By NITZ ARANCON
THE group that is planning to give the Cagayan de Oro Water District competition has an initial capital investment of P200 million, an amount that is just a drop in the bucket compared to what COWD has already invested in its nearly half a century of existence.
Councilor Teodulfo Lao Jr. over the weekend said the city council’s public utilities committee that he chairs already gave the group, Metro Cagayan de Oro Water Service Cooperative, the go-ahead to process its papers so it could compete with COWD.
But “competition” may not be an appropriate word to use given that the ambitious plan to break the COWD monopoly is not going to be a walk in the park for the new cooperative — and it cannot be done overnight.
Manny dela Peña, chairman of the Regional Cooperative Council and one of those behind the plan to establish a second tap water distributor in the city, said some 15 cooperatives have pooled their resources in an effort to raise a P200 million as initial investment for the Metro Cagayan de Oro Water Service.
Dela Peña said the fund would be used to build a water treatment plant, a water pumping station and for water distribution infrastructure.
The cooperatives include the Oro Integrated Cooperative, First Community Cooperative, Oro Savings and Sharing Cooperative, Del Monte cooperative and city hall’s employees’ cooperative.
The P200 million initial capital Investment has been declared in the articles of incorporation submitted to the National Water Resources Board in the group’s application for a franchise.
Metro Cagayan de Oro Water Service has been given the green light by the Cooperative Development authority.
But P200 million is not a lot of money if compared to how much COWD has been spending for its operations and maintenance alone: an average of P900 million a year.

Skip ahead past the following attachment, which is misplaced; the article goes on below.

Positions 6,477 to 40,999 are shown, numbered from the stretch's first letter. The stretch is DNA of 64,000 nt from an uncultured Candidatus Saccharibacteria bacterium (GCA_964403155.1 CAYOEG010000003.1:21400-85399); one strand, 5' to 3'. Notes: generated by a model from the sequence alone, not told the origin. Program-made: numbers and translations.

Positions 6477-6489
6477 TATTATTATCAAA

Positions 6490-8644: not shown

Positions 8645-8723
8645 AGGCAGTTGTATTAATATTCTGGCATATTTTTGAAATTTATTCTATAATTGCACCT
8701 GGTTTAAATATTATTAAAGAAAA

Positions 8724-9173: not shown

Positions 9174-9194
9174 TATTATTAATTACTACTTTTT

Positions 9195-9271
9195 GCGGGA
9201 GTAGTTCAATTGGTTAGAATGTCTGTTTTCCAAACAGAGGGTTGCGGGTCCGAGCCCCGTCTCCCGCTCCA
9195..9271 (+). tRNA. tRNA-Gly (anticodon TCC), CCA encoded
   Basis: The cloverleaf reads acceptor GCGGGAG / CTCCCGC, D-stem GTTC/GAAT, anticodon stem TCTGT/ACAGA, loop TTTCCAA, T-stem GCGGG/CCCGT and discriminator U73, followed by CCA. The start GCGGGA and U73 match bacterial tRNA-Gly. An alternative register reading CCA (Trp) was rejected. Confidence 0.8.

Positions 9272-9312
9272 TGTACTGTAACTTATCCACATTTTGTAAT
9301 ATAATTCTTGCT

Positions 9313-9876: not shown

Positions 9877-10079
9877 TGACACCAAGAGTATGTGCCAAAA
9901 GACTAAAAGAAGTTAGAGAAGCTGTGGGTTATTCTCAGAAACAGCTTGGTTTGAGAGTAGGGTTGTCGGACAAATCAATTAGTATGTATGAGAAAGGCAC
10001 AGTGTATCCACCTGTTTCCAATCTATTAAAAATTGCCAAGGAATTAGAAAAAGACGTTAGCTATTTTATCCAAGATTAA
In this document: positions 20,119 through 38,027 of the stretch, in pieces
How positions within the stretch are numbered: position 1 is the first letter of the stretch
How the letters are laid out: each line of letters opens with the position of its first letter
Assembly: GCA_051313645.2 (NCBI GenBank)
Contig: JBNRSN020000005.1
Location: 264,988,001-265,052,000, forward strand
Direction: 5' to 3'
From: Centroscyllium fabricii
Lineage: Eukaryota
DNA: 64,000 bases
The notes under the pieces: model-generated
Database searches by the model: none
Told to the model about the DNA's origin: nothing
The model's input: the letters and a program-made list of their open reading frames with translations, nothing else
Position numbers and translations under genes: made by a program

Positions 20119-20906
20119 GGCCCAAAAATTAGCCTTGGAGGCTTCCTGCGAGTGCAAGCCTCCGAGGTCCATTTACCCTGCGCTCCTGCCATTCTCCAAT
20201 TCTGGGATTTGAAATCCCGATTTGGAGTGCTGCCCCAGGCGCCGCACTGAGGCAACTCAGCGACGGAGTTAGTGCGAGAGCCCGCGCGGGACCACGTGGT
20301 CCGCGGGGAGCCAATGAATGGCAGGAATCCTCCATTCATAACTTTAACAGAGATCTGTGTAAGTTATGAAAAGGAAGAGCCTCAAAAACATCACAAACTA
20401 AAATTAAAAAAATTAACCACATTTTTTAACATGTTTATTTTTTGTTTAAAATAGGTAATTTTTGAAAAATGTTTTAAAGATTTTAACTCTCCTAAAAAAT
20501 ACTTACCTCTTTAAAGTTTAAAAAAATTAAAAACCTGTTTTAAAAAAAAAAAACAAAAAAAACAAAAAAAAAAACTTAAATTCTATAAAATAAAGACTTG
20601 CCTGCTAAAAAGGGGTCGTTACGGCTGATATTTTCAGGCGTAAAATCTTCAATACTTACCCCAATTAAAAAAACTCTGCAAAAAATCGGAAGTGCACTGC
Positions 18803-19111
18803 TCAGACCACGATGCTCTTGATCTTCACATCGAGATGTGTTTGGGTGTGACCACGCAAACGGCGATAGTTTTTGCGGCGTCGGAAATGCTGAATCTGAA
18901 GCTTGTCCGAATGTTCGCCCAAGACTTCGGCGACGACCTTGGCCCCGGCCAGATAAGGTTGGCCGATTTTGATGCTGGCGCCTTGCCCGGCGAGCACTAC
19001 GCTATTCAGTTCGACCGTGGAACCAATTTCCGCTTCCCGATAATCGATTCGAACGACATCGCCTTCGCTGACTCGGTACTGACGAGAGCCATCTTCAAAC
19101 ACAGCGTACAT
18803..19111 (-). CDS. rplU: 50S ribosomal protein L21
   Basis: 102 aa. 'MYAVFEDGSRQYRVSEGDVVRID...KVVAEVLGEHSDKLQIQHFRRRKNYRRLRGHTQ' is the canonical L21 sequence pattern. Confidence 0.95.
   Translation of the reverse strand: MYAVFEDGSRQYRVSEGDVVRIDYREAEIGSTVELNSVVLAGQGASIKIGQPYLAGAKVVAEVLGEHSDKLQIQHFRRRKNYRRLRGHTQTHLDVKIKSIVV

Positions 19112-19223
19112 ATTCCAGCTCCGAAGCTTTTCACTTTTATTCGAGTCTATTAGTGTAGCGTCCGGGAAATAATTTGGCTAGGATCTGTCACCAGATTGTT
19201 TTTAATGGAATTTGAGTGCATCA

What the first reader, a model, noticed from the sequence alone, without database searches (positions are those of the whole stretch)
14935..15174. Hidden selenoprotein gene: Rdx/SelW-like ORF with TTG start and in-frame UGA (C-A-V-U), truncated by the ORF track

Engr. Benvienido Batar Jr., COWD assistant general manager for administration, said a P200-million investment could build a few water pumping stations.
Batar said one station capable of producing three thousand cubic meters a day would amount to some P10 million. This excludes the cost of boosters, operational costs and land acquisition. Compare that to COWD’s demand of 60 thousand cubic meters a day for the western part of its service area alone. The present bulk water supplier, Cagayan de Oro Bulkwater Inc., could only deliver a daily supply of 40 thousand cubic meters as of the moment.
“Gasto lang kini sa drilling, water pump, electrical equipment, transmission pipe gikan sa imong water pumping station to reservoir ug wala pay labot ni-ana ang yuta nga ma-oy site sa imong pumping station ug booster pump,” he said.
COWD chairman Eduardo Montalvan earlier welcomed the potential competition, saying that the Supreme Court already ruled that water districts don’t have exclusive rights to distribute treated water.
Batar said COWD has no problems with the prospects of facing competition except that it is concerned on where the cooperative planned to draw its water supply from.
“Kon ground water lang gihapon ang ilang source, mag-doble na ang atong extraction sa atong underground water kay usa ra man ang atong source,” he said.
Batar also pointed out that installation of water distribution pipes would be a gargantuan task, not to mention that “mag-doble na ang installation sa mga pipe.”
Installing new water pipes would mean another round of road diggings.